**Fieldwork: There will be NO FIELD TRIPS in the academic year 2020/21**
Information for Visiting Students
|High Demand Course?
Course Delivery Information
|Academic year 2020/21, Available to all students (SV1)
|Course Start Date
|Learning and Teaching activities (Further Info)
Lecture Hours 20,
Supervised Practical/Workshop/Studio Hours 18,
Fieldwork Hours 16,
Feedback/Feedforward Hours 2,
Formative Assessment Hours 2,
Summative Assessment Hours 2,
Programme Level Learning and Teaching Hours 4,
Directed Learning and Independent Learning Hours
|Assessment (Further Info)
|Additional Information (Assessment)
||Written Exam: 50%
Course Work: 50 % based on 3 laboratory reports.
- 2 Lab reports each 20%
- 1 lab report weighted 10% (shorter)
There will be an exam in December consisting of a mixture of short answer questions and essay questions. The course work will be based on written reports on each of the practicals carried out during laboratory sessions..
Laboratory reports should be submitted via Turnitin on the course Learn page by the following dates:
Lab reports - 12noon Thursday of week 7.
All details related to extensions procedures and late penalties can be found in the School of Geosciences General Information Handbook, which can be found on the Learn UG Student Information Hub.
||The course includes laboratory practical sessions for which you will submit written reports. The first of these will be used for formative feedback to allow you to improve on subsequent reports. You will also receive on-going feedback from demonstrators during and after practical sessions.
We plan to hold 1-2 tutorials during exam revision season. During these sessions, we will review the type of questions likely to come up in the exam and discuss how best to tackle them.
In semester 2, the course team will be available to discuss examination scripts.
Examples of feedback can be found here: http://www.ed.ac.uk/schools-departments/geosciences/teaching-organisation/staff/feedback-and-marking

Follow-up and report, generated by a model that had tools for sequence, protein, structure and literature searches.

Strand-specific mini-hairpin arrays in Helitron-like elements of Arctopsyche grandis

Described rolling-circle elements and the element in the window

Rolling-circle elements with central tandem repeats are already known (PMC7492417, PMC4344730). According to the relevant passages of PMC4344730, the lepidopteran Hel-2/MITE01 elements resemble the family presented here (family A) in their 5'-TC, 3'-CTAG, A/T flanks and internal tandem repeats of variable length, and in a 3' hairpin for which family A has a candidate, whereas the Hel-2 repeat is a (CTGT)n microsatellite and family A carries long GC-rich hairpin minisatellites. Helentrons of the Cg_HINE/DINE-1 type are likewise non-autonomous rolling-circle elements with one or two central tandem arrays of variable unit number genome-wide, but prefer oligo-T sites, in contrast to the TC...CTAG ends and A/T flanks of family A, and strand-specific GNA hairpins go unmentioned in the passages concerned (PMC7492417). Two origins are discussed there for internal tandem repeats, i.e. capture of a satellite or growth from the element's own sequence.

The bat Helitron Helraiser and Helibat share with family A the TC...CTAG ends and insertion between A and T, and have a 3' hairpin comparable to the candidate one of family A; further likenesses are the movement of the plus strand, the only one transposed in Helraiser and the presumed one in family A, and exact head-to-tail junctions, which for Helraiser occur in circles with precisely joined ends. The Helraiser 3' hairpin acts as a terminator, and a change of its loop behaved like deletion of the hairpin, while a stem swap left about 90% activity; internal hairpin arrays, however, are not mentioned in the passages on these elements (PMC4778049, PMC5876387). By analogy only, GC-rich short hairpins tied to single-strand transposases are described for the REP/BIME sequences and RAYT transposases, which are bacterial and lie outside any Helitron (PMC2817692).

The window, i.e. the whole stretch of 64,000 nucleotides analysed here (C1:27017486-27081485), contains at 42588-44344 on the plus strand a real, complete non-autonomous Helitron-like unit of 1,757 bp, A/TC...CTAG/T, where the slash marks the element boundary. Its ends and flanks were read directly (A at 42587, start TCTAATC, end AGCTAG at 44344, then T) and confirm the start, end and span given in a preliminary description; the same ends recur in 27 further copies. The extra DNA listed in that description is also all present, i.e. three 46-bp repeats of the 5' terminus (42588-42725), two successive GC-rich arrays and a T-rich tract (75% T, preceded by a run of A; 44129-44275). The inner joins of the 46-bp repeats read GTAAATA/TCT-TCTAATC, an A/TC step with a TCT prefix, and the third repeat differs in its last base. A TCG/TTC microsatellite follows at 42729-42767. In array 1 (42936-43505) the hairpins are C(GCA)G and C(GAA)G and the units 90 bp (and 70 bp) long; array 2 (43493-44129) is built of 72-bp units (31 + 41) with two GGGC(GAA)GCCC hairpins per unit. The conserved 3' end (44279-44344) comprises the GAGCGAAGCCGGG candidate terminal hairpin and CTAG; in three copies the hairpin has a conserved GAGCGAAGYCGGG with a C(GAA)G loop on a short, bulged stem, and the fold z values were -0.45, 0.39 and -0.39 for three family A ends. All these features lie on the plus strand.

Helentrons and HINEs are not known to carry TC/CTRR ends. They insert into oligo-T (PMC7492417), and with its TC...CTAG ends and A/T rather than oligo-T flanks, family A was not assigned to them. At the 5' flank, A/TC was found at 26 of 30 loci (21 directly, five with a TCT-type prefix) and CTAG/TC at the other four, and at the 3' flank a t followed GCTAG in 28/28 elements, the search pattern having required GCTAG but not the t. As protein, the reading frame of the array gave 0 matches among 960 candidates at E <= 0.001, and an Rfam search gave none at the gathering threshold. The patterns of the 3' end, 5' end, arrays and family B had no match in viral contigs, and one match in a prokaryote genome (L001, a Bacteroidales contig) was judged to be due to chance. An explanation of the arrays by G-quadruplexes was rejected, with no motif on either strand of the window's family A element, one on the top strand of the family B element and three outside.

||Hours & Minutes
|Main Exam Diet S1 (December)||2:00|
|Resit Exam Diet (August)||2:00|
On completion of this course, the student will be able to:
- Consolidate knowledge of chemical concepts in Environmental Geochemistry
- Integrate theoretical concepts with their practical applications
- Acquire skills in geochemical speciation modelling
- Be cognisant of skills in Technical report writing, critical appraisal of analytical data and accounting for uncertainties when drawing conclusions, appreciation of assumptions required for modelling.
|D. Langmuir: Aqueous Environmental Geochemistry|
J.I. Drever: Geochemistry of Natural Waters
J.E. Andrews et al: An Introduction to Environmental Chemistry
|Graduate Attributes and Skills
||Field design and sampling
Laboratory analysis and statistical data analysis
Geochemical speciation modelling
|Additional Class Delivery Information
||Two lectures per week. One three hour practical per week from weeks 1-5. One three hour computer workshop per week in weeks 6 and 7.
|Keywords||Environmental geochemistry,Earth's Surface,Aqueous environments,biogeochemistry,minewater chemis
|Course organiser||Prof Bryne Ngwenya
Tel: (0131 6)50 8524
|Course secretary||Ms Katerina Sykioti
Tel: (0131 6)50 5430